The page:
The Audiolingual Method of teaching languages was popular in the mid-20th Century in the United States. The most well-known examples today are the Foreign Service Institute’s (FSI) courses freely available on the Internet (because their copyrights have expired) or available for purchase from Barron’s “Mastering” series, Monolingual Books, and other sources. But some are university textbooks, such as Modern Russian 1 by Clayton Dawson, et al., Beginning Chinese by John DeFrancis, and Beginning Japanese: Part 1 by Jorden and Chaplin. Many of these courses are taught using the Latin alphabet rather than the language’s writing system, though separate readers are available to learn to read the language.
When completing a course, learners know a thousand or two thousand words and a lot of grammar. They can’t use the language yet (in conversation, for example), but if they continue their studies independently or in a country where the language is spoken, they can allegedly learn very quickly, having already mastered the grammar. That is, they can focus on meaning–having already mastered the form–instead of having to think about both at the same time. In short, a learner using an audiolingual course starts off learning more slowly than someone using a modern method, but has the potential of surpassing other learners later. The tortoise transforms into a hare–eventually, after completing a long, tedious course. I believe it because I learned French grammar first in high school and college and couldn’t use the language, but later I could master French through reading, listening, and conversation and ignore the grammar because I already knew it.
The method was designed to be used with a teacher, a class of students, a textbook, an audio recording with hundreds of hours of audio, a language lab (because MP3 players and smartphones didn’t exist yet, and these courses were originally recorded on reel-to-reel audio tape) and some homework. Nowadays, some ambitious language learners like myself use them independently, but keep in mind that they were intended to be used with the support and guidance of a teacher.
Here’s the method: Memorize one or more dialogs which include examples of the new vocabulary and grammar taught in the chapter. Memorize it really well before continuing through the chapter! The better you memorize it, the less stressful the grammar drills will be. Also read the dialog’s notes and the chapter’s grammar explanations, but only as much as you find them helpful—that is, they aren’t the primary means of learning grammar. Then do a lot of grammar drills with the teacher and again with the audio recordings, using the textbook sparingly. That is, the drills are mostly audio. Everything is spoken at native speed even from the first or second lesson, so that you can get used to the rhythm, accent, intonation, etc. (prosody) and so that you can understand native speakers sooner. At the end of each chapter, for review, the course may or may not direct you to translate sentences and/or engage in extremely limited conversation activities.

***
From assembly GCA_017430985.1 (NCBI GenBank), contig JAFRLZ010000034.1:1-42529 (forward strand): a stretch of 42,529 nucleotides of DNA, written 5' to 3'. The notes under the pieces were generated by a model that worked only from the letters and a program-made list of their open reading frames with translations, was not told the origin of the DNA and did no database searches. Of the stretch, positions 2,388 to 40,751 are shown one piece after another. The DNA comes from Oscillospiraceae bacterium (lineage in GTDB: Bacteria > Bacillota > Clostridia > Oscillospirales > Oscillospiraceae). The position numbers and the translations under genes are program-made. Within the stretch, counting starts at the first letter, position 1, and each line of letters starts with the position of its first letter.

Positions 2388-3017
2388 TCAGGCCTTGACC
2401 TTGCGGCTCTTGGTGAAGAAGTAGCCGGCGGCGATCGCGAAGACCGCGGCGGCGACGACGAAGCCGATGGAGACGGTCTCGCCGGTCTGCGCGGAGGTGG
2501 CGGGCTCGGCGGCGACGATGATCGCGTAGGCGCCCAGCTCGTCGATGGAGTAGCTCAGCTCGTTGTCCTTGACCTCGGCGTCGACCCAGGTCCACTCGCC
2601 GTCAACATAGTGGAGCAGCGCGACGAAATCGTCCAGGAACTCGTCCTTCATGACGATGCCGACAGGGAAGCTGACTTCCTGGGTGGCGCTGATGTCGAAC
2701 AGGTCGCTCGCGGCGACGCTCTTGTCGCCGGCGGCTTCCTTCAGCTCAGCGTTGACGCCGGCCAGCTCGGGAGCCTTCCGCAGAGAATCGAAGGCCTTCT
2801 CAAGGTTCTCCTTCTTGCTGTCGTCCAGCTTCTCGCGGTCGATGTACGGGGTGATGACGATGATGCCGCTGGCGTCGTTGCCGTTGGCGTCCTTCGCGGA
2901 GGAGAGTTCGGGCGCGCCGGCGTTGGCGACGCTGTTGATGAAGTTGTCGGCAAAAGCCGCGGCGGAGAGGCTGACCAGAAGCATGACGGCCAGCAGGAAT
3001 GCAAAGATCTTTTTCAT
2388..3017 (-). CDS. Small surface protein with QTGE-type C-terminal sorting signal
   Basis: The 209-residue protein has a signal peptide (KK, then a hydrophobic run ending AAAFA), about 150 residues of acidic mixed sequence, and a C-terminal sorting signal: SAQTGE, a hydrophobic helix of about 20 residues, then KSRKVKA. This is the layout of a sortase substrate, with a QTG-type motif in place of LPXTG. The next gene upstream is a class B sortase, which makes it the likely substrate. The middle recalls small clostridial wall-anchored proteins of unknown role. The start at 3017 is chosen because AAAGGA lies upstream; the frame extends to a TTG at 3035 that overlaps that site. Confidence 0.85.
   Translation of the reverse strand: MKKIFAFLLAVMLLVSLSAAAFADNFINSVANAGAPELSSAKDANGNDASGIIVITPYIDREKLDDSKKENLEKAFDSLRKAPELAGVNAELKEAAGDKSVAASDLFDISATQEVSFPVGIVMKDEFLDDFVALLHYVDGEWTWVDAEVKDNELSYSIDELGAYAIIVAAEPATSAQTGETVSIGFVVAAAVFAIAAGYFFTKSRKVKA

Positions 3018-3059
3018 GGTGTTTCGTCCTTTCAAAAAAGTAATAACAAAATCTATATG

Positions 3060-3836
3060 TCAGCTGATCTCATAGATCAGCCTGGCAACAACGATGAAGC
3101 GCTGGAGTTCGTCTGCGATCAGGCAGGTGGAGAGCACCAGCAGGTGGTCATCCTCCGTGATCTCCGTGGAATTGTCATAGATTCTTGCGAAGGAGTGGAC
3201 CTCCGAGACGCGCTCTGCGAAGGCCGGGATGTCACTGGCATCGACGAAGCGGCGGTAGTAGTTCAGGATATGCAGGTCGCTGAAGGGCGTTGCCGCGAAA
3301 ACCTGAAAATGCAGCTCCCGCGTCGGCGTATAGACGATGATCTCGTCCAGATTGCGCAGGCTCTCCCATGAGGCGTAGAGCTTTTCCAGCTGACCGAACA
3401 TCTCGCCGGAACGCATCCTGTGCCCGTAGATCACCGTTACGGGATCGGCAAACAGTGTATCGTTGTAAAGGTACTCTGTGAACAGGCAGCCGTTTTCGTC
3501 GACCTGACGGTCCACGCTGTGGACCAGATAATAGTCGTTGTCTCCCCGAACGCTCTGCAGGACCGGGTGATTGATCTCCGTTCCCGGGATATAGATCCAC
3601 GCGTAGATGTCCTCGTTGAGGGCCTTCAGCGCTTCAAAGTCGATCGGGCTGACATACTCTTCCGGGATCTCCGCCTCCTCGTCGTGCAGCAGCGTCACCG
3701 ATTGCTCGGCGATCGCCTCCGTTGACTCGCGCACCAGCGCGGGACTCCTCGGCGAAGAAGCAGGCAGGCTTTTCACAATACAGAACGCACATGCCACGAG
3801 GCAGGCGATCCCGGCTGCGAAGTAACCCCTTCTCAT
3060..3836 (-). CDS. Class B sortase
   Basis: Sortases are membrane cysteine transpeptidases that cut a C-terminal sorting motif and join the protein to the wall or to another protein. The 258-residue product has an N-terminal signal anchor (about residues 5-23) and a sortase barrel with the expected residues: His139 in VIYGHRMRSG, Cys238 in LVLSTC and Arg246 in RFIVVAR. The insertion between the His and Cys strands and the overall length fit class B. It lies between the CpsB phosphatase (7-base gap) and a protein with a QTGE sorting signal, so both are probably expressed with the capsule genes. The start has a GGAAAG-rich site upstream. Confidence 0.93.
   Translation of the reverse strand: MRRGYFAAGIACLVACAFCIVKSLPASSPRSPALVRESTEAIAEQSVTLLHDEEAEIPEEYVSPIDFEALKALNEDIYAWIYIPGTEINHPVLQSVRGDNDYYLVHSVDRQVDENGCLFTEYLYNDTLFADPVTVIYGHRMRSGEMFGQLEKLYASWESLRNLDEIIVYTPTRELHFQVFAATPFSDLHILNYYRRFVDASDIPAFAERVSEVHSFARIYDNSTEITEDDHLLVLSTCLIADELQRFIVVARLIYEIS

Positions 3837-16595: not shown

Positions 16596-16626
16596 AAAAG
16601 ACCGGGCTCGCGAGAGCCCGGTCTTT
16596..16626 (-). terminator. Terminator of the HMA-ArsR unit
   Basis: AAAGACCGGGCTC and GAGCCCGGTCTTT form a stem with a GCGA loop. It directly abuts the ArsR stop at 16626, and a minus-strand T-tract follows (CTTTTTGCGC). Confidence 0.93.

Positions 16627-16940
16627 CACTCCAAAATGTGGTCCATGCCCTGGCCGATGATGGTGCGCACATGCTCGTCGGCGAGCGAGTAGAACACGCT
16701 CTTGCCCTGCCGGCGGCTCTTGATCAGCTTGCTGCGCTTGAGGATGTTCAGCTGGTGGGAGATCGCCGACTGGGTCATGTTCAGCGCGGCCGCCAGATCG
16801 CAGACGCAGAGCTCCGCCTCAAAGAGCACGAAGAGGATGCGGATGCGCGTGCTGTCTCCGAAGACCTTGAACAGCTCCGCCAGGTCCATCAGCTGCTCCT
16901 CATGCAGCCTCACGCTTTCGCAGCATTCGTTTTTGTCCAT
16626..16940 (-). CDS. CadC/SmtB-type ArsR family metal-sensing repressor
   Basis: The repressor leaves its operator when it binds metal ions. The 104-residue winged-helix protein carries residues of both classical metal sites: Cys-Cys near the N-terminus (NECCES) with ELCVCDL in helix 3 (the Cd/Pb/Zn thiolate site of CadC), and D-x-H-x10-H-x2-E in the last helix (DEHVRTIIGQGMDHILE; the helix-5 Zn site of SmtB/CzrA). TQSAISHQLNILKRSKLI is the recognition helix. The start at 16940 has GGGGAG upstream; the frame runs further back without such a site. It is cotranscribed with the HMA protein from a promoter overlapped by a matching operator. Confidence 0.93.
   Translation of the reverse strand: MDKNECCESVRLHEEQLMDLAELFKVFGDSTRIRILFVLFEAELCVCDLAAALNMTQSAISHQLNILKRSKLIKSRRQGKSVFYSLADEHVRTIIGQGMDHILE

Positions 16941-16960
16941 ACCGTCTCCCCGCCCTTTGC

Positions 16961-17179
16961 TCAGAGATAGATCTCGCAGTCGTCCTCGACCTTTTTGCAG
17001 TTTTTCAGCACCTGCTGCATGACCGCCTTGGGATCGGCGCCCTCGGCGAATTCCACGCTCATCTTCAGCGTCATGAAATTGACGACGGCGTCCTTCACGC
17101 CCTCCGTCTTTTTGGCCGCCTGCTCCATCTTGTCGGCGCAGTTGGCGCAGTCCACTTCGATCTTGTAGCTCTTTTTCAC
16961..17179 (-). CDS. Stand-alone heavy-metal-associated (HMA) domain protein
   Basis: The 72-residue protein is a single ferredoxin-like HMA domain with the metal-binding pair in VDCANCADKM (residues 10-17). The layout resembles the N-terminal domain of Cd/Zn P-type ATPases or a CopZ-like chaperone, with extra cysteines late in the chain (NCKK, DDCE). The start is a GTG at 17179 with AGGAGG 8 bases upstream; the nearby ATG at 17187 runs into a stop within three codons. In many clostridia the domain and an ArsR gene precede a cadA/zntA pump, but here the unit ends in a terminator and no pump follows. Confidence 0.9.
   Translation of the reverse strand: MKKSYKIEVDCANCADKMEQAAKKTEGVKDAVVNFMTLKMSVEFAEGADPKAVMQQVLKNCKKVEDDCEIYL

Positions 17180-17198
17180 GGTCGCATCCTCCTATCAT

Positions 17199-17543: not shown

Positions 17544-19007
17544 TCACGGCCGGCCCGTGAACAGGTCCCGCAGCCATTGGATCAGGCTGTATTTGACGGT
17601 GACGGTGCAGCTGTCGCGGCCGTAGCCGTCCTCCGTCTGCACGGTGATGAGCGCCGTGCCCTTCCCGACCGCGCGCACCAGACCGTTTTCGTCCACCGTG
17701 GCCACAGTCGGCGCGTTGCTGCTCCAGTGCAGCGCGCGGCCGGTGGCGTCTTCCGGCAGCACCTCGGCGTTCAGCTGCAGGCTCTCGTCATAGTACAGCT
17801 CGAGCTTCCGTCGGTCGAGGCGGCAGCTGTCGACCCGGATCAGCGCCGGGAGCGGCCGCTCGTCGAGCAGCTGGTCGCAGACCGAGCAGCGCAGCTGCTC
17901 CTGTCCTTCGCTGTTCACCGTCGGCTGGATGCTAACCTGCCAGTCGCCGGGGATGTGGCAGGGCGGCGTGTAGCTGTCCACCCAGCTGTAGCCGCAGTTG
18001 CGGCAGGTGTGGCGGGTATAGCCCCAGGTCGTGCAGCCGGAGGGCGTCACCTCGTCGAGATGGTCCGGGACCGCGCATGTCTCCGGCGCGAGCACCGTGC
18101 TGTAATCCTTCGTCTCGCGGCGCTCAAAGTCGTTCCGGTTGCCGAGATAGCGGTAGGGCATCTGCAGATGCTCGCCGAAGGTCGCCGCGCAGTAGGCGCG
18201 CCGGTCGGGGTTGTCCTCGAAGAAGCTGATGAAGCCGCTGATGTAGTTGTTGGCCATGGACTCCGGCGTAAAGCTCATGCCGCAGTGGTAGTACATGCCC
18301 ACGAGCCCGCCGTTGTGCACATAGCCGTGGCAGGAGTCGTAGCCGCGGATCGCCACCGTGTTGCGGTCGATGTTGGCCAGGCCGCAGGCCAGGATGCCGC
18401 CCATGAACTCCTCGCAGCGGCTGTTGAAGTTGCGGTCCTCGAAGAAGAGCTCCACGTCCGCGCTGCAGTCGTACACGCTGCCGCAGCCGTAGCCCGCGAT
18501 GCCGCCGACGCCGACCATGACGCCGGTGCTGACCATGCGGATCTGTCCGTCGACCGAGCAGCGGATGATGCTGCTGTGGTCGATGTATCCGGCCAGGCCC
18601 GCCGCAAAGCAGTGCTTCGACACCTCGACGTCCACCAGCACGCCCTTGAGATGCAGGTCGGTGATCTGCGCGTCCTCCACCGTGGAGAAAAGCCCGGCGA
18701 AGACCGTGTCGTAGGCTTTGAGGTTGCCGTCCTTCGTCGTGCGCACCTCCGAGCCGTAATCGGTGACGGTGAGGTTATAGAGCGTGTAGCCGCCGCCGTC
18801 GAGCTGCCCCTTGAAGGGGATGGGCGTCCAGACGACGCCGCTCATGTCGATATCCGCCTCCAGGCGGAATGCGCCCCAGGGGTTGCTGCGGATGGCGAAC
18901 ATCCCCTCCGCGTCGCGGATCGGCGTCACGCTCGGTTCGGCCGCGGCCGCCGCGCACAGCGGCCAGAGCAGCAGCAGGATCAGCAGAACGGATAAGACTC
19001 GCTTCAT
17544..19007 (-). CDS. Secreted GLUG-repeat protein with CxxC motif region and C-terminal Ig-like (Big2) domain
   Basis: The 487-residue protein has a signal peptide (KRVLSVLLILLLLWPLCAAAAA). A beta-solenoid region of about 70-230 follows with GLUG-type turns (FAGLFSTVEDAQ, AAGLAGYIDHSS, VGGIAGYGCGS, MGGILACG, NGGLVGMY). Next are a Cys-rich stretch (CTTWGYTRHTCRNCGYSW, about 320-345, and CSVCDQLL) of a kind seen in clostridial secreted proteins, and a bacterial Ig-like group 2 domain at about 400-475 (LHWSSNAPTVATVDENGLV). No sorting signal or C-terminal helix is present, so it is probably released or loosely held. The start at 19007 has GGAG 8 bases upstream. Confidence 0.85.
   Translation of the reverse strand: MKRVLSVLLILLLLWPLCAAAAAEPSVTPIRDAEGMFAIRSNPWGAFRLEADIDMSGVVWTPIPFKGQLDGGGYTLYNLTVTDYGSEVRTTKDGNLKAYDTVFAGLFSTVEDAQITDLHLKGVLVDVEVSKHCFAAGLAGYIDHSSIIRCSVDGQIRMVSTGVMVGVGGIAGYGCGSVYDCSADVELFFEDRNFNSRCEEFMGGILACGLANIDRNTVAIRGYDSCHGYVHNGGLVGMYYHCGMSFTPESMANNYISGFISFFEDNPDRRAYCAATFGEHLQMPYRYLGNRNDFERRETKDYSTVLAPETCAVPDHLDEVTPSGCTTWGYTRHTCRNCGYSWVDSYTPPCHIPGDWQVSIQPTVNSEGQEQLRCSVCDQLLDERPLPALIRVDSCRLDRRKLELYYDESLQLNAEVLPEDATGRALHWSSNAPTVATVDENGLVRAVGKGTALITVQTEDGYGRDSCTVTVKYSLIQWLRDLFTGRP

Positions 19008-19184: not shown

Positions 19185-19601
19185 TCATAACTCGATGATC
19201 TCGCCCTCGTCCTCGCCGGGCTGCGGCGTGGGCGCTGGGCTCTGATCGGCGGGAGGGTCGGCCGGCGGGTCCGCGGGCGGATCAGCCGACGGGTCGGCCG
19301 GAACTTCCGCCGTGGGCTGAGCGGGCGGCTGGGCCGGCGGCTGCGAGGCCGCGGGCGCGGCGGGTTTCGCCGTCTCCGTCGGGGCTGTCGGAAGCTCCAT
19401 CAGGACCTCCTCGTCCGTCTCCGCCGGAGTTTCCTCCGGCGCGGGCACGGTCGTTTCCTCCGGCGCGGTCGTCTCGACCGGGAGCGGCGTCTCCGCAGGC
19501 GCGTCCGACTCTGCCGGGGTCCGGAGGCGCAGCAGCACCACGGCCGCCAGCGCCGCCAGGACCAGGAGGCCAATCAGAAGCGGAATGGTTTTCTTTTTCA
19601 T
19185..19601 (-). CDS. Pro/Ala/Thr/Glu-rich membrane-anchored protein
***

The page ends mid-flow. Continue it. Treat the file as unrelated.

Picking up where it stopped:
The grammar drills are of various types. In Transformation Drills, the teacher or recording says a list of sentences and asks learners to make them negative, change them into questions, or change them in some other way. In Substitution Drills–the most common type–the teacher says a sentence and then a word. The learners take a word out of the sentence and put the new word in, changing word endings as needed to make the new sentence grammatically correct. In Expansion Drills, the teacher starts with a very short sentence, then keeps adding phrases to make longer and longer sentences.
The method is based on the behaviorist approach to psychology: Repetition and correction were believed to be the way to learn any skill, even grammar. Behaviorism is no longer commonly accepted, but the better audiolingual courses continue to be useful nonetheless. They provide many example sentences to demonstrate each grammatical form and force learners to speak and listen at native speed.
There are exceptions–such as the FSI Korean course because of weaknesses in its design and because Korean grammar has actually changed a little in half-a-century. Since FSI courses were designed for foreign service personnel, they use formal registers of speech–which is not a problem in most languages, but I think it is a problem in Korean. Native Korean speakers say they don’t talk anything like the FSI Korean course teaches.
Also, some FSI courses (notably for Portuguese) use a “programmed” method which involves listening to a lot of short language segments and selecting answers in order to make learners notice features in grammar and pronunciation. Programmed courses can still be helpful for complete beginners but they are designed very differently than the courses I’ve been describing. FSI also has pronunciation courses for French and Arabic, which are freely available for download from websites such as Yojik. I’ve never used them, so I can’t review them.
Audiolingual courses are extremely dry and tedious by nature, but even completing a few chapters can be helpful. The Russian grammar I’m the most comfortable with is the grammar I learned from Modern Russian 1. I could understand Japanese native speakers more easily after completing a few chapters of Beginning Japanese: Part 1. And now I’m studying Beginning Chinese because of its use of sentence build-ups to give me practice with very short sentences before I have to learn to pronounce longer ones (and because the course includes optional books which teach Chinese characters gradually with a lot of review).
In a future article, I plan to share ways I adapt audiolingual courses to make them a little closer to a comprehensible input approach, less tedious, and/or more useful as preparation for conversation.